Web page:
The problem is, without the same cultural parameters, and added to our age, conspire to make these things scary. Truth is that without a protest outlet, a culture can be far more dangerous.

    The 1960s heralded a Golden Age of change and happiness. The western world, for the most part, adopted measures during that period that have blessed us who experienced until this day. And it came to pass just after the extreme conservatism of the McCarthy era.

    1. Where it’s obvious that you have a limited knowledge of South American politics I suggest you do some reading and traveling and certainly take some Spanish courses. It’s sad when Gringos come to Cuenca and think they have arrived from the center of the universe and try to profess their limited knowledge.

      1. Thanks for your very vague and very angry complaint. It is a given that those who are part of a society have no objective perspective of it. Only locals get so immersed that they think they see significant differences among the parties. I prefer examining factors that shape history rather than the next election. But continue, if you wish, with your rage. Get it off your chest.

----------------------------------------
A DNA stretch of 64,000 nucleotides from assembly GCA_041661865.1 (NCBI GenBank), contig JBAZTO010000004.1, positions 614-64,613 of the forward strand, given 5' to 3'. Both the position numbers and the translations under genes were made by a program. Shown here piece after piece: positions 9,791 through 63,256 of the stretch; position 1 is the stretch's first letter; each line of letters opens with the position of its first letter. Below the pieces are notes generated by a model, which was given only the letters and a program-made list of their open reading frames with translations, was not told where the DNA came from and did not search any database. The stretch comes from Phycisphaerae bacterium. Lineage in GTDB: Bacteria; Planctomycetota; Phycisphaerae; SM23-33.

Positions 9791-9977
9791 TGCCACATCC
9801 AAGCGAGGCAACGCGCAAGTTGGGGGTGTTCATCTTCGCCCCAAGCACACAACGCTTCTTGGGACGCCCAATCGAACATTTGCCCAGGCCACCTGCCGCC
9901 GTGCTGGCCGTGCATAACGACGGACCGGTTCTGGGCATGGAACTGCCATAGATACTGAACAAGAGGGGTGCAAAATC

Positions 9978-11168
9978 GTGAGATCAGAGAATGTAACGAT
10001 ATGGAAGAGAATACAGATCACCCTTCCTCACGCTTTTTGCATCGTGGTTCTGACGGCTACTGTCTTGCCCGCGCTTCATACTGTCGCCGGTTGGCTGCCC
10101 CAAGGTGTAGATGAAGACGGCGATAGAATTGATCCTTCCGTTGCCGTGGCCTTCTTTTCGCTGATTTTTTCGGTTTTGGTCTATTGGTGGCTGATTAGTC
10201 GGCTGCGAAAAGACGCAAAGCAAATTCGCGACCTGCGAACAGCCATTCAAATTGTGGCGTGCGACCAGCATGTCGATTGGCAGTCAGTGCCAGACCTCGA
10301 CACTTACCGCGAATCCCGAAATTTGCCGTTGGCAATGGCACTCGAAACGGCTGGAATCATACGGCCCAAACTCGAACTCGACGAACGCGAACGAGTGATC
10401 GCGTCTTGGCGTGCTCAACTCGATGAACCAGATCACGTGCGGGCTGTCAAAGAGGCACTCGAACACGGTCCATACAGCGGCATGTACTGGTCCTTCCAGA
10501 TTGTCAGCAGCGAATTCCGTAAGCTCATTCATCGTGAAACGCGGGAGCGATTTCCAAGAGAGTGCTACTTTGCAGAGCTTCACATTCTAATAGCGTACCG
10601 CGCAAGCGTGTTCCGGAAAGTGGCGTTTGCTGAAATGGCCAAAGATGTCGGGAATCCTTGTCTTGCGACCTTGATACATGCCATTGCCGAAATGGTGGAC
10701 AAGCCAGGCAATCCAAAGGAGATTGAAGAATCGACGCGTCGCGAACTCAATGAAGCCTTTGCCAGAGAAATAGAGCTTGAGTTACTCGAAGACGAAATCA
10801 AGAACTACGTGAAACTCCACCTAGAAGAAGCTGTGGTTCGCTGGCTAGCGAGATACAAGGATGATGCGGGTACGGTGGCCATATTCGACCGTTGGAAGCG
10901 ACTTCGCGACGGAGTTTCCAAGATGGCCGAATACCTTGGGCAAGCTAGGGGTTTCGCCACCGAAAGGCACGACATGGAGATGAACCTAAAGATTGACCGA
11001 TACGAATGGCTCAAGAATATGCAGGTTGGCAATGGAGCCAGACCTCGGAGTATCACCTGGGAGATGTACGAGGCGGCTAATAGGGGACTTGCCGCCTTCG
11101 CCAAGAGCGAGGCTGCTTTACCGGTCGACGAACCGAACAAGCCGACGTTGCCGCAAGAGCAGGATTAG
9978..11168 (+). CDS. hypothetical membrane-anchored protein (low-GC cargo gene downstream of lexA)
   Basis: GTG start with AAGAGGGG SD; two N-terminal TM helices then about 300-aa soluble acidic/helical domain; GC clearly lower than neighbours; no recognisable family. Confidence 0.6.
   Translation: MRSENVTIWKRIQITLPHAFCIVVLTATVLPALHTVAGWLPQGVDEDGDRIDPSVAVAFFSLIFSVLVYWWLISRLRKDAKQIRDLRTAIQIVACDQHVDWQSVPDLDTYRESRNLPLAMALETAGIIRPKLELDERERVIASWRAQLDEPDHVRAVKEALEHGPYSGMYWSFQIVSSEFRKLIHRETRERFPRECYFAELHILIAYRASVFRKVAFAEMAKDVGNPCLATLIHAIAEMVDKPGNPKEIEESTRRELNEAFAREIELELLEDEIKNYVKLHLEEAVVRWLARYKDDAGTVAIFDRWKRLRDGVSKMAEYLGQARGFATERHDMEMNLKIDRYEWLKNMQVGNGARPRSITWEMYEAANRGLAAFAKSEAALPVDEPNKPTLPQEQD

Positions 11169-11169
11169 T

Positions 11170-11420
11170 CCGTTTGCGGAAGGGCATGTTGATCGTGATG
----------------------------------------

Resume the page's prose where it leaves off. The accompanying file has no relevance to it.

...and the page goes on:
1. Osvaldo, Forgive me, but you have me very confused. Where did I suggest (ever) that anyone needed my permission to voice anything?

            But now that you have opened up the subject, I admit to being appalled at what anglophone societies have done to public dialogue in the last 20 years, .

            Free speech, or more accurately, wide-ranging public expression, is vital to all democracies. After all, without dialogue, how can we progress, find consensus, jointly control our nations and our lives peacefully? But as we see on every anglo public affairs forum, we see a constant diet of inexplicable rage and hate. Too many craft their rhetoric to discourage any exchange of views.

            That is not merely and attempt to be abrasively rude, it is anti “free speech”. and killing democracy and dividing us more every day.

            I am multi-lingual. (not much credit to me as I grew up in such an environment) So I participate in different forums with different base languages. I can assure you anglophone forums are the most extreme. Can it be that anglos are inherently more immature..or is it that they have no idea of what they are doing? There are so many that START OFF HERE with their very first post trying to insult.

            I read something like Mario’s post above and I feel badly for him and for this forum. I try my best NOT to respond in kind.